A World of Weather
Fundamentals of Meteorology

1. Introduction

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When defensive football coaches study game films of an upcoming opponent, they look for tendencies in the formations and plays used by the opposing team’s offense. By recognizing such patterns, defensive coaches can design strategies to predict the play the opposition will run on any given down.

In similar fashion, weather forecasters look for patterns on weather maps in order to predict the tendencies of potentially offensive weather. Such pattern recognition can play an instrumental role in short-term forecasts (one to three days ahead), medium-range forecasts (four to ten days) or long-range outlooks (months to seasons).

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This pattern of steering winds around the Bermuda high and a trough over the Midwest favors a tropical cyclone moving northward up the Atlantic Coast.

For an example of pattern recognition, suppose it’s mid-September, the heart of Atlantic hurricane season. If upper-level winds resembled the pattern shown in the figure above, forecasters at the Tropical Prediction Center in Coral Gables, FL would watch for the possibility of a tropical system running a northward “fly pattern” up the East Coast. Indeed, with a lethargic trough of low pressure drifting over the Midwest and the Bermuda high lined up in its typical formation, high-altitude steering winds (which, like football pass patterns, are marked by arrows in the figure) would tend to direct any tropical system over the Caribbean or the tropical Atlantic right up the Eastern Seaboard. In August and September 2004, the prevailing pattern did not invite tropical cyclones up the East Coast, but steered Hurricanes Charley, Frances, Ivan and Jeanne more westward on a collision course with Florida (check out the 500-mb pattern during the period, September 1-4, when Hurricane Frances approached the Sunshine State).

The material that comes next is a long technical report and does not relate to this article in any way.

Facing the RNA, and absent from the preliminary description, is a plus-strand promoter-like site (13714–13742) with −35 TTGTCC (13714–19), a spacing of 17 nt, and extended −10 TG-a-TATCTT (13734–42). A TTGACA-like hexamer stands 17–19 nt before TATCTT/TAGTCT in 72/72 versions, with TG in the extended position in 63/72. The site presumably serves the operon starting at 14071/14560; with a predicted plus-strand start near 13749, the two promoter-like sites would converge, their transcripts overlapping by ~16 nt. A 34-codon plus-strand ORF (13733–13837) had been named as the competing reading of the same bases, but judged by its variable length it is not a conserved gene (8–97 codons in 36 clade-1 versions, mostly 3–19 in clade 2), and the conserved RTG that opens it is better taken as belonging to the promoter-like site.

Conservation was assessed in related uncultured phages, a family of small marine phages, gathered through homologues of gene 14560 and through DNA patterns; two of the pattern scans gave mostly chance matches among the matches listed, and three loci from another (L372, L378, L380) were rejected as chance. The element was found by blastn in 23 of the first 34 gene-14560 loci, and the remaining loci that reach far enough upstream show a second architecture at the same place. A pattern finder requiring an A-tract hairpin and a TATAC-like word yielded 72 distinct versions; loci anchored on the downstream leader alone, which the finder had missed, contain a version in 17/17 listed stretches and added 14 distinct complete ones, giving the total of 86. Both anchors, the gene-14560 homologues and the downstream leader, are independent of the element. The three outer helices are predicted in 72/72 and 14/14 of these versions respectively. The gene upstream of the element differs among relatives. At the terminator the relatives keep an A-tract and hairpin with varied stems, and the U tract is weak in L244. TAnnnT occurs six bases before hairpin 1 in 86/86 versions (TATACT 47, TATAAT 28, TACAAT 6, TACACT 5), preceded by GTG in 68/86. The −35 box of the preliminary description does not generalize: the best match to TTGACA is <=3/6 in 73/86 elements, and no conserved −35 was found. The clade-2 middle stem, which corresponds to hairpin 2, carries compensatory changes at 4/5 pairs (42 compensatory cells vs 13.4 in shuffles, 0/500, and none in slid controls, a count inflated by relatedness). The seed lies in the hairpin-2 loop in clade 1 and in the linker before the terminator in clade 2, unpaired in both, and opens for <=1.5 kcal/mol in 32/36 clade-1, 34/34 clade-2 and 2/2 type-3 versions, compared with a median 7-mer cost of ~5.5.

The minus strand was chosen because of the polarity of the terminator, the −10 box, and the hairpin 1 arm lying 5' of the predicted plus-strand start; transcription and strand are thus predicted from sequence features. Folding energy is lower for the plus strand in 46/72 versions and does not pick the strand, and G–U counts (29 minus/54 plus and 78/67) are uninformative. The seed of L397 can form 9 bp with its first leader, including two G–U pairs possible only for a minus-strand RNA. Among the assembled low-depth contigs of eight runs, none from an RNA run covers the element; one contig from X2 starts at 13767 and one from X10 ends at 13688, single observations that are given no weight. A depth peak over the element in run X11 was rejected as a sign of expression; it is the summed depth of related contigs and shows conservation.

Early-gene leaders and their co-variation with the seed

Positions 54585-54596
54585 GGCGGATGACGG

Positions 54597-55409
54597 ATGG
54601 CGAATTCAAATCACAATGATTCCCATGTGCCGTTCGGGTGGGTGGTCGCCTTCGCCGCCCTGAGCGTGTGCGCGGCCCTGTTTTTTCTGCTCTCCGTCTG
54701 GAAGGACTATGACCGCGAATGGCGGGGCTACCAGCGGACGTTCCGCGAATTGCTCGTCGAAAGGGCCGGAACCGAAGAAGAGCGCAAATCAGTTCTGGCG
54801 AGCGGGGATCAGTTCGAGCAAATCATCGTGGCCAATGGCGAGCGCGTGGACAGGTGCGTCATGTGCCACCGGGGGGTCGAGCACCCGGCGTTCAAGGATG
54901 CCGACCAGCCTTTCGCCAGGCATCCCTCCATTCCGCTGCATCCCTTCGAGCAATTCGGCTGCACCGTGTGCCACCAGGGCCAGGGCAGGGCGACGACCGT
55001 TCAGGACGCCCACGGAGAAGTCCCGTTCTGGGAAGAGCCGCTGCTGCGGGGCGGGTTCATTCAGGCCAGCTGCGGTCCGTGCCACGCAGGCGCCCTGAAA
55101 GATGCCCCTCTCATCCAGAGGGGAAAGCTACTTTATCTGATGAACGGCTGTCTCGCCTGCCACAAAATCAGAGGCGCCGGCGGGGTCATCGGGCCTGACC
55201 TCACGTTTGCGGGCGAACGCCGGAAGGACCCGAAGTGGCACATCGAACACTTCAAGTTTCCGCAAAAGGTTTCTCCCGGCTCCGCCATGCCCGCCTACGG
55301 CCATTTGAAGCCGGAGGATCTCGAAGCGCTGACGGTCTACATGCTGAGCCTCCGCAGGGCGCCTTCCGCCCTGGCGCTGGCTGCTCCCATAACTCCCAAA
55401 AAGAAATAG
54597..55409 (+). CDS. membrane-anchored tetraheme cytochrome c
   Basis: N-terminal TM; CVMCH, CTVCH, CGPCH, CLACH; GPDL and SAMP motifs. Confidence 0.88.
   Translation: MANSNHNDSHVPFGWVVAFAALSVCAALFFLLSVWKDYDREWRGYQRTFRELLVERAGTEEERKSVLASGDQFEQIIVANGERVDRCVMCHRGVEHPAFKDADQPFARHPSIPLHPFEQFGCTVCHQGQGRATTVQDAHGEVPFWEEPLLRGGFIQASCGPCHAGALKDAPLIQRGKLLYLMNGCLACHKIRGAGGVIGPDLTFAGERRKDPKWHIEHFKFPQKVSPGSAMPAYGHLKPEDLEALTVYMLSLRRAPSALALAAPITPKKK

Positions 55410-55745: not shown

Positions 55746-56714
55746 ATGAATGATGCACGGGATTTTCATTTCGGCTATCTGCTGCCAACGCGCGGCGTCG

Forecasters at the Storm Prediction Center (SPC) in Norman, OK, apply the method of pattern recognition to predict outbreaks of severe thunderstorms. For example, they don’t hesitate to issue severe thunderstorm watches when they see a pattern like the one shown in the figure below.

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A classic set-up for an outbreak of severe weather during the spring. The hatched area represents the area at greatest risk.

When composing seasonal outlooks, meteorologists look at (among other factors) teleconnections from either El Niño or La Niña, if one of these is present or imminent in the tropical Pacific Ocean.  Recall that a teleconnection is a correlation between an atmospheric or oceanic anomaly in one part of the world and an anomaly somewhere else. Both El Niño and La Niña involve significant departures from average ocean temperatures. These anomalies incite anomalous exchanges of heat, moisture, and momentum between the ocean and the atmosphere that can have far-reaching effects on seasonal weather patterns in other parts of the globe.

There are many other examples of pattern recognitions that meteorologists use to make short-term, medium-range, and long-range forecasts. We will further explore the forecasting method of pattern recognition later in the chapter. First, we need to lay some groundwork. Just as some coaching staffs rely on computers to quantify the tendencies of opposing teams, forecasters rely on computer simulations of the atmosphere for guidance in molding their forecasting strategy.